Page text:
Project description:Puma (p53-upregulated modulator of apoptosis), a proapoptotic BH3-only member of the Bcl-2 protein family, has been implicated in the pathomechanism of several diseases, including cancer, AIDS, and ischemic brain disease. We have recently shown that Puma is required for cardiac cell death upon ischemia/reperfusion of mouse hearts. Since ischemia/reperfusion is also associated with endoplasmic reticulum (ER) stress, in the present study we investigated whether Puma contributes to the ER stress-dependent component of cardiomyocyte apoptosis.Primary cultures of rat and mouse neonatal cardiomyocytes were treated with 3 muM thapsigargin or 100 ng mL(-1) tunicamycin. Puma levels were suppressed by adenoviral delivery of shRNA or targeted deletion of the puma gene. Puma expression was detected by RT-PCR and Western blotting. Apoptosis was assessed by TUNEL assay, caspase-3 cleavage, and cytochrome c release.We have shown that in rat neonatal cardiac myocytes, thapsigargin or tunicamycin treatment led to ER-stress, transcriptional upregulation of Puma, and apoptosis. Most importantly, cardiac myocytes acquired resistance to ER stress-induced apoptosis if Puma expression was downregulated by adenoviral delivery of shRNA or eliminated by targeted deletion in knockout mice.Taken together, our data indicate that Puma is a critical component of ER stress-induced apoptosis in cardiac myocytes, and inhibition of Puma activity may be used to treat cardiac infarcts or prevent heart failure by blocking ER stress-induced apoptosis.
Project description:It remains unclear whether and how cardiomyocytes contribute to the inflammation in chronic heart failure (CHF). We recently reviewed the capacity of cardiomyocytes to initiate inflammation, by means of expressing certain immune receptors such as toll-like receptors (TLRs) that respond to pathogen- and damage-associated molecular patterns (PAMP and DAMP). Previous studies observed TLR4-mediated inflammation within days of myocardial infarction (MI). This study examined TLR4 expression and function in cardiomyocytes of failing hearts after 4 weeks of MI in rats. The increases of TLR4 mRNA and proteins, as well as inflammatory cytokine production, were observed in both the infarct and remote myocardium. Enhanced immunostaining for TLR4 was observed in cardiomyocytes but not infiltrating leucocytes. The injection of lentivirus shRNA against TLR4 into the infarcted heart decreased inflammatory cytokine production and improved heart function in vivo. Accordingly, in cardiomyocytes isolated from CHF hearts, increases of TLR4 mRNA and proteins were detected. More robust binding of TLR4 with lipopolysaccharide (LPS), a PAMP ligand for TLR4, and heat shock protein 60 (HSP60), a DAMP ligand for TLR4, was observed in CHF cardiomyocytes under a confocal microscope. The maximum binding capacity (Bmax ) of TLR4 was increased for LPS and HSP60, whereas the binding affinity (Kd) was not significantly changed. Furthermore, both LPS and HSP60 induced more robust production of inflammatory cytokines in CHF cardiomyocytes, which was reduced by TLR4-blocking antibodies. We conclude that the expression, ligand-binding capacity and pro-inflammatory function of cardiomyocyte TLR4 are up-regulated after long-term MI, which promote inflammation and exacerbate heart failure.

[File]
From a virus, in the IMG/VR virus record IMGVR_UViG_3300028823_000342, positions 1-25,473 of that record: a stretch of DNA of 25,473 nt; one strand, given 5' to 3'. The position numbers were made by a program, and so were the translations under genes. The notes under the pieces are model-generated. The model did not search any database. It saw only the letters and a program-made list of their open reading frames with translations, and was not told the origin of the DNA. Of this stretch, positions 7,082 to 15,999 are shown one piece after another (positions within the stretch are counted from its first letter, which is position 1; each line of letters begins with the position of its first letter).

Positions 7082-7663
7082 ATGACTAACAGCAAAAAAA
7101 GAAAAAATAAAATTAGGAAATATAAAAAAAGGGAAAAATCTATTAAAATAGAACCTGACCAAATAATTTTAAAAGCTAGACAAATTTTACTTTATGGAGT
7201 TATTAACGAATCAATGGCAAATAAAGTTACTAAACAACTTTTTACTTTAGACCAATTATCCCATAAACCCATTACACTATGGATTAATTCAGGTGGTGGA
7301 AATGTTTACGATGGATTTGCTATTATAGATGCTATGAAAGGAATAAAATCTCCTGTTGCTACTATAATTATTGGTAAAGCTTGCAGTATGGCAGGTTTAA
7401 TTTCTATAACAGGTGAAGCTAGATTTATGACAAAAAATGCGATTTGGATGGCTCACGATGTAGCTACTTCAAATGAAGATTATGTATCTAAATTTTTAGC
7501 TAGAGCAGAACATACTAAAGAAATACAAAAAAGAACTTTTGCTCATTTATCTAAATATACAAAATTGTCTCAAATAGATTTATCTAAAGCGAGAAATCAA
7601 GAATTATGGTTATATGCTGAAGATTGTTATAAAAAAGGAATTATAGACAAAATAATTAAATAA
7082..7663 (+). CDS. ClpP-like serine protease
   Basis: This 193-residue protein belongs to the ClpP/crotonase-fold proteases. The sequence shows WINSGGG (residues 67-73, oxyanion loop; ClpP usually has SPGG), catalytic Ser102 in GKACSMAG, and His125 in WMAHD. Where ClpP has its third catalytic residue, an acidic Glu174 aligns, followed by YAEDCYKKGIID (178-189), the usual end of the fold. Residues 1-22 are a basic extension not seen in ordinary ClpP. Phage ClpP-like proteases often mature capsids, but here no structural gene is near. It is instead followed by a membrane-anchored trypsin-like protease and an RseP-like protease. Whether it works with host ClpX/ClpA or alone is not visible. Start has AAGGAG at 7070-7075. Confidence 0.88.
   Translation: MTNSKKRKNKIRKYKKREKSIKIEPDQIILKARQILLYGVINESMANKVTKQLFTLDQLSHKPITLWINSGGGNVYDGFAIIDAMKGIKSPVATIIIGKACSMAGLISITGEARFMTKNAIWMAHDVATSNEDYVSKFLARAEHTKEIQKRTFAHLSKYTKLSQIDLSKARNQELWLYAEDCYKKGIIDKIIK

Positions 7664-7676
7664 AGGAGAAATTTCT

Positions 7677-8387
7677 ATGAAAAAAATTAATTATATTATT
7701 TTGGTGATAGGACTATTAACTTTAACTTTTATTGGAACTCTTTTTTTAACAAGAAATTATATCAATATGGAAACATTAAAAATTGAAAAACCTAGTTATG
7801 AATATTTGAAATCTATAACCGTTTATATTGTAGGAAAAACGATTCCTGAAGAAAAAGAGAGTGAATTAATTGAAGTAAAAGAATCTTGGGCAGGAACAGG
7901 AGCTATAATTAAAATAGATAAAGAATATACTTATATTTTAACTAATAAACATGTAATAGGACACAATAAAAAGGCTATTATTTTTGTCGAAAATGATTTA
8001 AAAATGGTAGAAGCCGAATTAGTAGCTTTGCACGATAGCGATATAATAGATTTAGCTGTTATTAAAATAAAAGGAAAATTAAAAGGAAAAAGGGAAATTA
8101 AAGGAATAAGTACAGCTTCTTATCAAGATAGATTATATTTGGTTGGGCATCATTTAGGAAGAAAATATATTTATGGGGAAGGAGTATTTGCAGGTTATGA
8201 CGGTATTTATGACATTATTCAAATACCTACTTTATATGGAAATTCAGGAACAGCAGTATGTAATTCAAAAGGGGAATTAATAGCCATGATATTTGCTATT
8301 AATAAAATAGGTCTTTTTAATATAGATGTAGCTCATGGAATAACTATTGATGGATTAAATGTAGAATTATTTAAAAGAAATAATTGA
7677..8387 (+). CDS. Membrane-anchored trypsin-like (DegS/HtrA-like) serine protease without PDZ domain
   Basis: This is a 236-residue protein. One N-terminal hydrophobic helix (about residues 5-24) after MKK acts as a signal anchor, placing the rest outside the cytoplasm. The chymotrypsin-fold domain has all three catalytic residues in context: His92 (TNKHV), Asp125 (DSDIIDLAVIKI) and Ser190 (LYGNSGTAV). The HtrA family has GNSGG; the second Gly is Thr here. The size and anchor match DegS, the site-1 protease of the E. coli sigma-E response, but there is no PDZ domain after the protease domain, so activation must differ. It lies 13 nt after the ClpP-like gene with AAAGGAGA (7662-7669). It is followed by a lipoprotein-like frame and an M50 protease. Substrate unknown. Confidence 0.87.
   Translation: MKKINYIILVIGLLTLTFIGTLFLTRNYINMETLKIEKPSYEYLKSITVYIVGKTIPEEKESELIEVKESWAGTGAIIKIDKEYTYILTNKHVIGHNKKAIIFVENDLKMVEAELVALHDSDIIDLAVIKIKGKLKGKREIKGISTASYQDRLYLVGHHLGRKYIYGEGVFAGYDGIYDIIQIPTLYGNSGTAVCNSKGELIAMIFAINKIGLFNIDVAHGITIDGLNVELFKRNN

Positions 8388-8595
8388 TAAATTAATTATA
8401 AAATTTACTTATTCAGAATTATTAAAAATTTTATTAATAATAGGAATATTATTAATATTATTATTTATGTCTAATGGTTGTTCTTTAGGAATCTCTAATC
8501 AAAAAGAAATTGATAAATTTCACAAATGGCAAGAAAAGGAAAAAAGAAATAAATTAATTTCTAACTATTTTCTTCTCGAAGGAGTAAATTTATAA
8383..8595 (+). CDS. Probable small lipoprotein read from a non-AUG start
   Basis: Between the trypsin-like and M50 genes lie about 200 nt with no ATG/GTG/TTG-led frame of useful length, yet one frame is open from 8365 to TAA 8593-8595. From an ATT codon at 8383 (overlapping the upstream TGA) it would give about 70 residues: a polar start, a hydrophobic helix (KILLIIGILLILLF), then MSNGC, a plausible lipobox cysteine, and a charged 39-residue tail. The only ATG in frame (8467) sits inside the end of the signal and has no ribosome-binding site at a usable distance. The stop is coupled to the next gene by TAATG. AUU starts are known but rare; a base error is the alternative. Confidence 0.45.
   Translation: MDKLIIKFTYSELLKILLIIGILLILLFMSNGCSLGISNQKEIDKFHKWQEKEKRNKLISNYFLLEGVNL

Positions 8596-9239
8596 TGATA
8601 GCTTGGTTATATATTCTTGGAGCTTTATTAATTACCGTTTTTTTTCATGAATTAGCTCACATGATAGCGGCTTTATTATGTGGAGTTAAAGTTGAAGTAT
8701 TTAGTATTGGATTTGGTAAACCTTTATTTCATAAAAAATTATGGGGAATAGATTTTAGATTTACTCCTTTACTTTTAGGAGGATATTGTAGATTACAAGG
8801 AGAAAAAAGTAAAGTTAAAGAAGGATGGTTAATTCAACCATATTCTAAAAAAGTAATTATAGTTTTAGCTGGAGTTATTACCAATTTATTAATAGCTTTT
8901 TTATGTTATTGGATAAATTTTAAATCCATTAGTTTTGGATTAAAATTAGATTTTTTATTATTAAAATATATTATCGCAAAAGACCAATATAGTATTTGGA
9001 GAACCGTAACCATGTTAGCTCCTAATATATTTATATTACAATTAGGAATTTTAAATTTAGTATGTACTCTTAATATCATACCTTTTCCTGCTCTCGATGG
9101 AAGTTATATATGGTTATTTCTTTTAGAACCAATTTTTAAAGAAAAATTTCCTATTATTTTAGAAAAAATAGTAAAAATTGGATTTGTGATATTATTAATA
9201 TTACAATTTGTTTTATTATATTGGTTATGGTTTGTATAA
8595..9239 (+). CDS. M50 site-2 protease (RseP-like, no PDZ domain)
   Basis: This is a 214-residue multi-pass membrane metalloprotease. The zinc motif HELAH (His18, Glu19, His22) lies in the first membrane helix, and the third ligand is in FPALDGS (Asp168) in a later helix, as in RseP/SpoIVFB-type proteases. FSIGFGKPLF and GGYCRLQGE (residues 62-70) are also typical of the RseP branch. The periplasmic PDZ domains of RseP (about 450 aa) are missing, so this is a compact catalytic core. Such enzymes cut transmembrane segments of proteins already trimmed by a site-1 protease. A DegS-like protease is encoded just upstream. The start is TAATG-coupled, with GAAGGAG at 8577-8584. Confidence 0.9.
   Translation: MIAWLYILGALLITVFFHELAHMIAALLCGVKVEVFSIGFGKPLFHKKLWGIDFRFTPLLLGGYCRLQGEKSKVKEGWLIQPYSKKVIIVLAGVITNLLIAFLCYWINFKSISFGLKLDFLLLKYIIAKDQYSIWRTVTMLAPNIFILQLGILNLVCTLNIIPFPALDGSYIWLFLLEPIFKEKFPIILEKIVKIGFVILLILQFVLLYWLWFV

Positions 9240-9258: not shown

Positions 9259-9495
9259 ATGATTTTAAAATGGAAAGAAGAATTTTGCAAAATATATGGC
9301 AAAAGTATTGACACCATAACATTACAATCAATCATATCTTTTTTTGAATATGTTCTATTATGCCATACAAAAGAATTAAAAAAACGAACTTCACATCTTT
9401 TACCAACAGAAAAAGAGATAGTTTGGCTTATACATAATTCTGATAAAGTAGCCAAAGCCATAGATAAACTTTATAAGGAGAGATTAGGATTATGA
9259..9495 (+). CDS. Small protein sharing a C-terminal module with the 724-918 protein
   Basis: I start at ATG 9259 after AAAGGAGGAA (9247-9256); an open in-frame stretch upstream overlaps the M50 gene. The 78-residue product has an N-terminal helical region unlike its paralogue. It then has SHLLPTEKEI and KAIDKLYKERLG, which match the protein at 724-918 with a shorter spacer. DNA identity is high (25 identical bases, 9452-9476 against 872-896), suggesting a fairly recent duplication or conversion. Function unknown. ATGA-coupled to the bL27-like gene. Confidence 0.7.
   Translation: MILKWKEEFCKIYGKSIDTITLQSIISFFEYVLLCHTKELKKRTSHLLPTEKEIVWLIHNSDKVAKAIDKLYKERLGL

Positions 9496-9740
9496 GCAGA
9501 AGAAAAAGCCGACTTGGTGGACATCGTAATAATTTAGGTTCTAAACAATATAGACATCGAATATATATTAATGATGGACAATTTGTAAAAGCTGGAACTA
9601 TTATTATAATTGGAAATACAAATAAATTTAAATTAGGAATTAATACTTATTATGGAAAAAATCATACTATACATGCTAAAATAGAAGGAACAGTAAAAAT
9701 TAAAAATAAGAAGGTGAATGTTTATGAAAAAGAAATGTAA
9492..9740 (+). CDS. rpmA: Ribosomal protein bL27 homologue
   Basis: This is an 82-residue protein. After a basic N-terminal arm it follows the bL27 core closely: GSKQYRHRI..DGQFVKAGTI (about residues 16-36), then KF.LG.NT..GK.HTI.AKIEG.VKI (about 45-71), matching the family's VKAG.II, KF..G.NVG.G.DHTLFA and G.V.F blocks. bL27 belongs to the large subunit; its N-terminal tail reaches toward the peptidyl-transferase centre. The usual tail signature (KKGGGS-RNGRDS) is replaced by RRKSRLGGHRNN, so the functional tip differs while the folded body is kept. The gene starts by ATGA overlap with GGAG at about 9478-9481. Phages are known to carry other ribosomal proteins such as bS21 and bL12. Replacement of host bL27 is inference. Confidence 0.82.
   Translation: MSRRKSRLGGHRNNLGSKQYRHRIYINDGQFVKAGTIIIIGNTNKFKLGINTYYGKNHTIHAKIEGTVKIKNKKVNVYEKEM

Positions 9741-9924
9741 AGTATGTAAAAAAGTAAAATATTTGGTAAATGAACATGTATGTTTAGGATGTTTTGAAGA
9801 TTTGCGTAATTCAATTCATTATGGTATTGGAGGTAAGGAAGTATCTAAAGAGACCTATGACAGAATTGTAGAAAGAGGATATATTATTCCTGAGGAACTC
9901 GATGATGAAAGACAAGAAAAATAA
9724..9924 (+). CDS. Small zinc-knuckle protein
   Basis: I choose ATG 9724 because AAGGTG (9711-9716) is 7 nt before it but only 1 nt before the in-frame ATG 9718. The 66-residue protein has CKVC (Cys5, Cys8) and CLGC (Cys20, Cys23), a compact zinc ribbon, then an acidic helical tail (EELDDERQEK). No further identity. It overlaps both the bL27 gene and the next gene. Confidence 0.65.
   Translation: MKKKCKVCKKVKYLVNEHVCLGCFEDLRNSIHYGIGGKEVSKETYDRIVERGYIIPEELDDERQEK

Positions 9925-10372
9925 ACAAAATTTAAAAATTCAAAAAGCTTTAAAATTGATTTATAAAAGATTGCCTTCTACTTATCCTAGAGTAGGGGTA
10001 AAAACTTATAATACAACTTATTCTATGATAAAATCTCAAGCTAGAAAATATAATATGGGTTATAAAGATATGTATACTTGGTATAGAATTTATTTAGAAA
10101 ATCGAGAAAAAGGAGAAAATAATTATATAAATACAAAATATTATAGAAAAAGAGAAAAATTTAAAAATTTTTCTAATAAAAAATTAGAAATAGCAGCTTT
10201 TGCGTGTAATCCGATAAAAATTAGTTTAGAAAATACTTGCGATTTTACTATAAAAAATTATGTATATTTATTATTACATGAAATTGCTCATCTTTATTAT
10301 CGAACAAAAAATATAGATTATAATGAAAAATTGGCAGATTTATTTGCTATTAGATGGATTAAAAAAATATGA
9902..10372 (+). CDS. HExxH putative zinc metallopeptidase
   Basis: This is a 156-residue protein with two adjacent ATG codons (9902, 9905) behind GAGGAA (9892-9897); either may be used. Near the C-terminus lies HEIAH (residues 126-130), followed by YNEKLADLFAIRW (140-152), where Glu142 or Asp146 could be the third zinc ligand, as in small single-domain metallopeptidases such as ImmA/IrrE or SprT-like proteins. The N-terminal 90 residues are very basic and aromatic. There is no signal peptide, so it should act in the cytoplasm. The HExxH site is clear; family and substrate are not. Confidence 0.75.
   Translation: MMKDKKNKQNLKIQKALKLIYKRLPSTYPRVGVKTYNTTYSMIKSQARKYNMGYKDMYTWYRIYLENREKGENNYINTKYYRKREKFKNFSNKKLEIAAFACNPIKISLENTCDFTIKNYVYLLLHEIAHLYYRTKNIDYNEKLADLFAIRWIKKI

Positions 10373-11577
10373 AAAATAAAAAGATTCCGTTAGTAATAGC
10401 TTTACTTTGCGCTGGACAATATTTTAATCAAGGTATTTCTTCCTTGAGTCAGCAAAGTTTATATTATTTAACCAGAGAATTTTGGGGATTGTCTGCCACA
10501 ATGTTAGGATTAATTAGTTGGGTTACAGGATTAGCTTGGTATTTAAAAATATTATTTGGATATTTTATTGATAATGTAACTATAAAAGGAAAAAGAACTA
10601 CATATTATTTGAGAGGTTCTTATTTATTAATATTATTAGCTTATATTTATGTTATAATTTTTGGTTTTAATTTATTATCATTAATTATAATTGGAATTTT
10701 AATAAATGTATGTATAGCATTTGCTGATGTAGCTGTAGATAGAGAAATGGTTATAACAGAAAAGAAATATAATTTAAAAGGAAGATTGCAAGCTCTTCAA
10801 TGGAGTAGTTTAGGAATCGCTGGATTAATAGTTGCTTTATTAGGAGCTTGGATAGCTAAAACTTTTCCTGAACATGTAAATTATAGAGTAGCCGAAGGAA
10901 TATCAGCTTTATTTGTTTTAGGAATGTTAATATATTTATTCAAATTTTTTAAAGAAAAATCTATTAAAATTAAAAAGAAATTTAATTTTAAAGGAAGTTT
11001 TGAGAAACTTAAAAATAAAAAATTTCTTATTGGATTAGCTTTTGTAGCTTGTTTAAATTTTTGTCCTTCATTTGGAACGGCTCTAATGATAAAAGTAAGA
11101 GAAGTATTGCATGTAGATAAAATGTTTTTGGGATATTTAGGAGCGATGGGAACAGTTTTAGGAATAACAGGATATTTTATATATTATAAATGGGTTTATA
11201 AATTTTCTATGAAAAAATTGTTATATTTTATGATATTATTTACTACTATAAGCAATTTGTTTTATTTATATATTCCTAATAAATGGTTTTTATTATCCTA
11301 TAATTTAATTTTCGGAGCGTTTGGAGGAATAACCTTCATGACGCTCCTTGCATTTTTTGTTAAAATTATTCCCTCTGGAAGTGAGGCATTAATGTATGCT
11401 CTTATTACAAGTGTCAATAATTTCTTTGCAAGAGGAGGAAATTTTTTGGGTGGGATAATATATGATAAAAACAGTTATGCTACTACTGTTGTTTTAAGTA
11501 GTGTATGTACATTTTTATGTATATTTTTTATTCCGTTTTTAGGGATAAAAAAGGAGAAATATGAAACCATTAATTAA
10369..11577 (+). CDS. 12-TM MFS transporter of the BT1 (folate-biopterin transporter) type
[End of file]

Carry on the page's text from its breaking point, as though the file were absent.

Project description:The identification of the molecular mechanisms controlling cardiomyocyte proliferation during the embryonic, fetal, and early neonatal life appears of paramount interest in regard to exploiting this information to promote cardiac regeneration. Here, we show that the proliferative potential of neonatal rat cardiomyocytes is powerfully stimulated by the sustained activation of the Notch pathway. We found that Notch1 is expressed in proliferating ventricular immature cardiac myocytes (ICMs) both in vitro and in vivo, and that the number of Notch1-positive cells in the heart declines with age. Notch1 expression in ICMs paralleled the expression of its Jagged1 ligand on non-myocyte supporting cells. The inhibition of Notch signaling in ICMs blocked their proliferation and induced apoptosis; in contrast, its activation by Jagged1 or by the constitutive expression of its activated form using an adeno-associated virus markedly stimulated proliferative signaling and promoted ICM expansion. Maintenance or reactivation of Notch signaling in cardiac myocytes might represent an interesting target for innovative regenerative therapy.